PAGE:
We had the honor of sitting down with award-winning creator Mike Baron
to discuss his illustrious career, comics, and what he's working on next.
About Mike Baron:
Mike Baron entered the comics industry with an illustrated text piece in Weird Trips Magazine #1 (March 1974) published by Kitchen Sink Press. In 1981, he published his first formal comics script with Nexus, the science fiction title he co-created with illustrator Steve Rude; the series garnered numerous honors, including Eisner Awards for both creators. A prolific creator, Baron is responsible for The Badger, Ginger Fox, Spyke, Feud, and many other comic book titles.
He and artist Jackson Guice relaunched The Flash in June 1987. Baron and Klaus Janson introduced the character Microchip as an ally of the Punisher in The Punisher #4 (November 1987). In 1988, Baron wrote the "Deadman" feature in Action Comics Weekly which led to two subsequent Deadman limited series.
Baron has also written numerous other mainstream characters including Batman and several Star Wars adaptations for Dark Horse Comics. In 2014, Baron published Biker, his first novel, about reformed motorcycle hoodlum Josh Pratt. First in the 'Bad Road Rising' series. In 2018, Liberty Island Press will release six Josh Pratt novels, and Disco, a story about a boy and his dog. He has created Q-Ball, a comic about martial arts and espionage, with Barry McClain Jr.
Mike Baron in his own words:
CC: Would you consider yourself a writer, or artist?
CC: Can you tell us a little about yourself?
MB: I knew I wanted to be a writer since I was a child in South Dakota. I went into a cigar store and bought a John D. MacDonald book. I had an epiphany. MacDonald wasn't writing these for his health! I graduated from UW and moved to Boston where I began reporting for the Boston Phoenix and the Real Paper. But I always just wanted to write fiction. It wasn't until I returned to Madison, Wisconsin and met Steve Rude that my career began. We were in the right place at the right time and convinced Capital Distribution to publish Nexus. I wrote the first twelve pages by drawing them out by hand. I wrote comics like that for twelve years. Now I write full script.
CC: Do you have any formal training or are you self-taught?
MB: Mostly self-taught.
CC: Describe your style.
MB: My goal is to grab the reader by the throat. I'm no great stylist. I seek the maximum impact with the minimum number of words. This doesn't mean the books are short, but that I try not to let the writing draw attention to itself. I want the reader to immerse himself in the story to the exclusion of all else.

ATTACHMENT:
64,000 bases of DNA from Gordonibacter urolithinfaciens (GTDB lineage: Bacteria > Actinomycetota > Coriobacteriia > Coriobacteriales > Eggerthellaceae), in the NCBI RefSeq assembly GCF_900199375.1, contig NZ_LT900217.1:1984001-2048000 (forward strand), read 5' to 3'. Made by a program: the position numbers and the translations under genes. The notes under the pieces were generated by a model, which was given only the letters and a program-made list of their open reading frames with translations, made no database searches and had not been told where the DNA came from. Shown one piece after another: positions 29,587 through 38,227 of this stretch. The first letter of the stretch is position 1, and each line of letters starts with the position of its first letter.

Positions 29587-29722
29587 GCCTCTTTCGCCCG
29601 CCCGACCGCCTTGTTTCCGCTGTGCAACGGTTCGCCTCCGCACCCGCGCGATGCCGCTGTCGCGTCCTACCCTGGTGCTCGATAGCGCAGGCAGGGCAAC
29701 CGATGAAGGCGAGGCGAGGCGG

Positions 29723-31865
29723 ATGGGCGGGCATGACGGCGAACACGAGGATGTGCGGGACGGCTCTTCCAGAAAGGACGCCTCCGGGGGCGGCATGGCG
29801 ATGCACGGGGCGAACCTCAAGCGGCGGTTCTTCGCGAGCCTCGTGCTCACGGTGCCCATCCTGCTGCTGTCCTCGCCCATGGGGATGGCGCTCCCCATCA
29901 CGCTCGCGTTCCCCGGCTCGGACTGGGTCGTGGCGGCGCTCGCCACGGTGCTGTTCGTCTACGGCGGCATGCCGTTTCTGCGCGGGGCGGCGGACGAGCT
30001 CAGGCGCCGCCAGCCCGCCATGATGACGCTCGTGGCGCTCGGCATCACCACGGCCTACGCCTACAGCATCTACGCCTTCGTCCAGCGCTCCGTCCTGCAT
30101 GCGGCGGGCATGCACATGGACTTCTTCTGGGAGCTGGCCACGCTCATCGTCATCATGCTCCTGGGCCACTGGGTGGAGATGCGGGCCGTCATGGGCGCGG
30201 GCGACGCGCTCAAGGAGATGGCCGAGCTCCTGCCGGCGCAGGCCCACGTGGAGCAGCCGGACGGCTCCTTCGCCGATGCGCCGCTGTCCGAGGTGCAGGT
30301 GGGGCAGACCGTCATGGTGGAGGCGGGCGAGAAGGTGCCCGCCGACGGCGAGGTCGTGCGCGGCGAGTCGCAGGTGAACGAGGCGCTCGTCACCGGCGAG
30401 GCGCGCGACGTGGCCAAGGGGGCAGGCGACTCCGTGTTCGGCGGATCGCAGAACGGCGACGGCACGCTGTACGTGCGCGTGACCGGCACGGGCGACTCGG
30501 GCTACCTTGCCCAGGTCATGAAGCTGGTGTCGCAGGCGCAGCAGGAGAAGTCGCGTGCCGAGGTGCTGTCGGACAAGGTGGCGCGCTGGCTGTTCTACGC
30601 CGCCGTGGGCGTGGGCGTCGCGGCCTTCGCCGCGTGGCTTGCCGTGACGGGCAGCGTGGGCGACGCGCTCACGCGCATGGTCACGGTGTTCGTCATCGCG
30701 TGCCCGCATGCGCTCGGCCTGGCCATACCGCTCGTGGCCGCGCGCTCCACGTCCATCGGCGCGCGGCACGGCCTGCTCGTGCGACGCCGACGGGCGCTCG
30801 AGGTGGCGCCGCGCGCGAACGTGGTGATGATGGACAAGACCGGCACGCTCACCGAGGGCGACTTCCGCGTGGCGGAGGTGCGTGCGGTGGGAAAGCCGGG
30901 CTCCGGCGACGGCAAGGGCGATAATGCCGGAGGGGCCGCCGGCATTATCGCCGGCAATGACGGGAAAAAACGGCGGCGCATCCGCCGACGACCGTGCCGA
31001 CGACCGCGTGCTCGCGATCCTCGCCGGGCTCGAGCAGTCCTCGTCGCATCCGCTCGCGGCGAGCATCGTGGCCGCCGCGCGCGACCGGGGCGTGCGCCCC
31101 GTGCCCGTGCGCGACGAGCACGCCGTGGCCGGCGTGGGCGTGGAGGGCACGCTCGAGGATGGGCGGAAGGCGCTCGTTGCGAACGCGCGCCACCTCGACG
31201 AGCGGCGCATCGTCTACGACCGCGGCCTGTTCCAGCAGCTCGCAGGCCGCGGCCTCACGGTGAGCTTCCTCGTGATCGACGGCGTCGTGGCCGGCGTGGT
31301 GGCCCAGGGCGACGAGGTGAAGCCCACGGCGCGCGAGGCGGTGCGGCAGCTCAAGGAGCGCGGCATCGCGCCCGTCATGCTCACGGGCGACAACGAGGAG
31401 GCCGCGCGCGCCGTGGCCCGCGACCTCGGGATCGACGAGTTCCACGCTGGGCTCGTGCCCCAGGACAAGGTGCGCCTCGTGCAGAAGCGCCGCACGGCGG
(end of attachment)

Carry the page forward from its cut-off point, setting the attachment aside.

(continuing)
CC: What would you say most motivates you to do what you do?
MB: A desire to entertain. Every writer has his own rules. Mine are l: Entertain. 2: Show don't tell. 3: Be original. All these seem simple on their face, but are difficult to achieve, until you know what you're doing.
CC: Are you inspired by any particular works or creators?
MB: John D. MacDonald, Carl Barks, Philip Jose Farmer
CC: Tell us about the people you work with.
MB: Steve Rude and I created Nexus in 1981 and we are still working together. I have worked with Val Mayerik for many years, and look forward to working with him again.
Dark Horse has been one of my comic publishers for almost thirty years. I am now working with Chris Braly of Bleeding Fool on a number of projects, including Florida Man.
CC: What creation are you most proud of?
MB: If something turns out well, that's the project of what I am most proud, until the next one. However, in comics it would have to be Nexus and Badger. In novels, I'm proud of my Biker series, inspired by ol' John D.
CC: Can you tell me about your current project?
MB: Richard Bonk and I are doing a Nexus graphic novel for Dark Horse. Wolfpack Publishing brought out my third Florida Man novel this week, Catfish Calling. The Florida Man graphic novel will be out in a week.
I'm writing a military sci fi novel with Major Diggs Brown. Currently residing in Fort Collins, Colorado, Diggs served in Afghanistan and on the African Continent as part of the Global War on Terrorism. Major Brown, or CPT Diggs as he is referred to in his emails home from Afghanistan, spent one year on active duty at the initial phase of the war. His focus was training the new Afghan Army and conducting operations against the Taliban and al Qeada terrorist organizations. In his spare time Diggs, along with Chaplain Andy, taught English to Afghan students in a bombed out village near their compound. One of the results of Diggs' emails home describing the impoverished conditions of the school, literally thousands of pounds of school supplies were sent to his location from everyday citizens of America. I am writing a second Nexus novel.
CC: What passions do you have outside of comics?
MB: Martial arts, motorcycles, movies, reading, dogs.
CC: Do you have any thoughts about the comic book industry?
MB: The Big Two have forgotten the first commandment: entertain. They are circling the drain by offering tedious, didactic product that fails at its most basic job. They are not entertaining. A number of smaller publishers continue to offer quality product, and there is a lot of action in crowd funding.
CC: Do you have any advice for anyone that is just joining the industry for the first time, or looking to join the industry?
MB: The best way to have an editor take you seriously is to put out your own comic. Writers seek artists. Artists seek writers. You can run off a hundred copies or so cheaply at a local printer. But remember--you only get one chance to make a first impression.
CC: Anything you would like to add?
MB: Writers are people who have to write. You do it every day. Always carry a pen and pad and write down anything that interests you.
A huge thanks to Mike for taking the time to share his experiences and hang out with us! You can follow him in the CryptoComics community
, connect with him on Facebook
, or follow him on Twitter